At lower levels, the requirements for good leadership are mostly technical or task-focused. Whether in sales, accounting, or operations, you contribute by ensuring the work gets completed within a certain time frame and in ways that meet set standards.
As you begin to move up leadership levels, however, you can no longer allocate your time to putting out fires and handling tasks yourself. You must shift from doing the work yourself to getting the work done by others. If you don’t value the success of others, you will fail to inspire and support the performance of those who report to you.
Here are 12 simple strategies that shift your focus from managing tasks to leading people:
- Speak with genuine conviction about the meaning and purpose of your work.
- Maintain a positive, optimistic attitude in the face of challenges.
- Inspire others to perform “beyond expectations” rather than merely “at expectations.”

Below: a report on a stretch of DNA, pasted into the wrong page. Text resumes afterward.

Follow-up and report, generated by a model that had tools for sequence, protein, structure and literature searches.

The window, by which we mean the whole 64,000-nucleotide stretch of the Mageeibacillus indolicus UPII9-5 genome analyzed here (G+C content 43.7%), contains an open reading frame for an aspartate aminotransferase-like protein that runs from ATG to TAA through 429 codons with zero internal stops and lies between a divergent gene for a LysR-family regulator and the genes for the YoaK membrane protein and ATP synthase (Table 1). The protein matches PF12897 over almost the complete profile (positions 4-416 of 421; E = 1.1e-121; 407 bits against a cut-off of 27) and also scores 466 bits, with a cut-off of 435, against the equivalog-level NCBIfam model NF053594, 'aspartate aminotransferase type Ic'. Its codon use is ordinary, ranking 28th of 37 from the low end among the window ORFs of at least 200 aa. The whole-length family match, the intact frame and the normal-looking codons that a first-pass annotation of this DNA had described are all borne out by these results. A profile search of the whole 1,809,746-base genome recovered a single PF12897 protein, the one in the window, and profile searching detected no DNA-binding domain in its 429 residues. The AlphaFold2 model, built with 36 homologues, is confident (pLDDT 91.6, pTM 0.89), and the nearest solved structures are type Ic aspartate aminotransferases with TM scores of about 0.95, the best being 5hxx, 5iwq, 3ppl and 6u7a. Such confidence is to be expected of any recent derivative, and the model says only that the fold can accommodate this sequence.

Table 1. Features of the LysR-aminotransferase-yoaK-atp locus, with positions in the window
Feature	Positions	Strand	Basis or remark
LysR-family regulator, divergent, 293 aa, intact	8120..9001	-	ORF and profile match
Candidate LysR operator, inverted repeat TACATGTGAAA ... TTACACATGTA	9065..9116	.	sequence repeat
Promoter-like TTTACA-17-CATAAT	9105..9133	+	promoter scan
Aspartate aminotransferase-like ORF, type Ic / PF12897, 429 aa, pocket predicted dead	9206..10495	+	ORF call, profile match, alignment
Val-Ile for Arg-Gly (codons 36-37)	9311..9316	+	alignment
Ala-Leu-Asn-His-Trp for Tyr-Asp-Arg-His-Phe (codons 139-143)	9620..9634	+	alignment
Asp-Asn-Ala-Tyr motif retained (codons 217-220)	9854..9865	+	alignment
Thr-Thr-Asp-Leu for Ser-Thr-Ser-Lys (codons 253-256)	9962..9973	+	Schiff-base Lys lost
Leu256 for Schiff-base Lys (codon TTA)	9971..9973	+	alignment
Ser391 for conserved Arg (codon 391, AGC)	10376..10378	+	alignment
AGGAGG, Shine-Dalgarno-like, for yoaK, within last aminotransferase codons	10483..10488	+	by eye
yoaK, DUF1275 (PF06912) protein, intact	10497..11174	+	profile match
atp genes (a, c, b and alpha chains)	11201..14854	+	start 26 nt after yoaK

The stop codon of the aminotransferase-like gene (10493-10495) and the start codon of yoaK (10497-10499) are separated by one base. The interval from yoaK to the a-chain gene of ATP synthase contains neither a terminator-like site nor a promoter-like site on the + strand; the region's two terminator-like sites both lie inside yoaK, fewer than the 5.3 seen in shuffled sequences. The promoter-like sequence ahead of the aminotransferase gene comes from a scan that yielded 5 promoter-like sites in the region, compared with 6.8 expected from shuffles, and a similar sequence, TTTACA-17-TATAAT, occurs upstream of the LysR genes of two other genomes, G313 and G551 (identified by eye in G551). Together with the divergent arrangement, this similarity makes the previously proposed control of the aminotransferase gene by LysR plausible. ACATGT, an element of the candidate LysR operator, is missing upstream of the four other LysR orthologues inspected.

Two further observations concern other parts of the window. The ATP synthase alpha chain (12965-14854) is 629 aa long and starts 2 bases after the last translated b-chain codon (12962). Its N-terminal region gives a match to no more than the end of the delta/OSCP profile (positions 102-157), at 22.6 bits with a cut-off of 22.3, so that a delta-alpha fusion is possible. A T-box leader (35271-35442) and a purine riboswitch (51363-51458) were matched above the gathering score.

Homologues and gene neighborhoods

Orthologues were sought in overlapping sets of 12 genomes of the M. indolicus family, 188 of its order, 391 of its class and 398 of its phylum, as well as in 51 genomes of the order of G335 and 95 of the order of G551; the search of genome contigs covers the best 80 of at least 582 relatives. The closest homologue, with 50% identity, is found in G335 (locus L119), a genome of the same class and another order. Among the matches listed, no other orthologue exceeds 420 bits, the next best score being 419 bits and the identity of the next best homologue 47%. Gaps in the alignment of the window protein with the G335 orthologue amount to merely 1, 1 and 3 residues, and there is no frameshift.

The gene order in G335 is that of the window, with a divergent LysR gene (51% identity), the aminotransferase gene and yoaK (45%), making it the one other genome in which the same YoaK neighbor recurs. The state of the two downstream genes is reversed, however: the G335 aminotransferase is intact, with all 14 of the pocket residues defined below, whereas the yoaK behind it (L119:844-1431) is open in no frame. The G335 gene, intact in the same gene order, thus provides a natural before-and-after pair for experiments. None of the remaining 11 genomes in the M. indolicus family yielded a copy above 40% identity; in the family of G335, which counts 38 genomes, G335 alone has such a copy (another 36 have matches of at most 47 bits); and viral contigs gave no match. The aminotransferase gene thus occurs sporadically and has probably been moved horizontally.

- Initiate and build good relationships with others in your organization, including people you don’t already know.
- Welcome assignments that provide opportunities to work with a wide variety of people.
- Be responsive to others’ requests for your time.
- Discourage destructive comments about other people.
- Intentionally develop a large network of people who you can call on for support or just to share information.
- Facilitate discussions where everyone feels comfortable, listened to, and open to sharing.
- Defer to others when they have more expertise.
- Provide honest, direct, and timely feedback to develop your staff.
- Ensure that people grow in their jobs by learning new skills; seek out challenging opportunities for your staff.
At higher leadership levels, you will work with a wider variety of people than ever before. You need to be sensitive to diversity issues and be able to communicate clearly and effectively with many different types of people and personalities. Inspiring larger groups of workers through the variety of communication tools is essential.
You must also recognize that making time for others, building trust, and managing impressions are now important responsibilities. More than that, you must perceive these other-directed activities as mission-critical to your own success.